In 2014 Jay Maddock, a professor of public health at Texas A&M University in the US, was on a research trip to China when one aspect of local culture caught his attention. “I took a walk to a park near my hotel in the city of Nanchang and noticed hundreds of elderly people exercising together,” he says.
Intrigued, Maddock decided to gather data about elderly park use across eight parks in Nanchang. “We found that more than 50% of users are older adults,” he says. “In the US no study has ever found more than 15%.”
It’s a picture replicated across China: rather than solo runners or cyclists, the most common demographic in parks are large groups of pensioners. Early every morning crowds of elderly people flock to public parks for their daily exercise routine, including dancing, Qiqong or even light gymnastics. Many take advantage of exercise equipment like ellipticals and pulldown machines aimed at light cardio workouts and gentle strength training. These colourful exercise machines can resemble children’s playgrounds, but are targeted at seniors.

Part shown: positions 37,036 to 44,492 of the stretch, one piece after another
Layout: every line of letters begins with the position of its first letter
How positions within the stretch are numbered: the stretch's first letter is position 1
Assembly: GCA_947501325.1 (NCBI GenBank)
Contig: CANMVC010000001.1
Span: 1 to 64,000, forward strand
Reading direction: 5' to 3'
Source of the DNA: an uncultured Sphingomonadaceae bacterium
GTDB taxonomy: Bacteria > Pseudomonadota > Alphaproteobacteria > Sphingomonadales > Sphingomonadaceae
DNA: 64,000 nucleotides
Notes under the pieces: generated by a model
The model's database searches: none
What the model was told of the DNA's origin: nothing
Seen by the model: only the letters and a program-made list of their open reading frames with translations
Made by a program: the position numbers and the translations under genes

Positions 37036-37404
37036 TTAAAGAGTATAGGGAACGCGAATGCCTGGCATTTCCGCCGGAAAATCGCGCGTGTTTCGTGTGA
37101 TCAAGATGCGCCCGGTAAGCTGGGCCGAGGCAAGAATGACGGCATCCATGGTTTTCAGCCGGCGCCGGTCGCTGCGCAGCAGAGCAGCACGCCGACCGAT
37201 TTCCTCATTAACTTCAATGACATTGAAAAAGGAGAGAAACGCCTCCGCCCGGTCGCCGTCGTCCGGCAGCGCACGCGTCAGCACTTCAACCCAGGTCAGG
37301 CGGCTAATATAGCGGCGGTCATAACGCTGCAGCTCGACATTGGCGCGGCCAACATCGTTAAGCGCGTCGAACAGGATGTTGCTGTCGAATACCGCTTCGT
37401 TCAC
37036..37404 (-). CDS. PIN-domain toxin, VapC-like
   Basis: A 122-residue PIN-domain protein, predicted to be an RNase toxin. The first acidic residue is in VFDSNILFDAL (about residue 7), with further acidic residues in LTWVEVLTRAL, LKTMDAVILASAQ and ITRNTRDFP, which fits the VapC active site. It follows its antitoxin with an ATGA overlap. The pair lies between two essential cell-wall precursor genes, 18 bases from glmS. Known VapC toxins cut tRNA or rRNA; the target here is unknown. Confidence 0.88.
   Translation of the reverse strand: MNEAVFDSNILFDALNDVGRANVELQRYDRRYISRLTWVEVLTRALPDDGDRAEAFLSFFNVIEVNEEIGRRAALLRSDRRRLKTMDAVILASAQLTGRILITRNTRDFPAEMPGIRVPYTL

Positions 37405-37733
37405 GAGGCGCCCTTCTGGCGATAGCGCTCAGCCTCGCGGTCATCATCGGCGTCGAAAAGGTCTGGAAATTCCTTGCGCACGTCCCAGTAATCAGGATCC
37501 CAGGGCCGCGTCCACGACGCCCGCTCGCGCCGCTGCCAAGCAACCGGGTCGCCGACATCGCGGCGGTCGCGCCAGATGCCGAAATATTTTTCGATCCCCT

As governments around the world seek to keep ageing populations healthy for longer than ever before, ‘senior playgrounds’ are being introduced outside China. Cities including London, Berlin and Toronto all have dedicated senior playgrounds. Yet building these facilities is just one aspect of creating a culture in which pensioners feel confident exercising.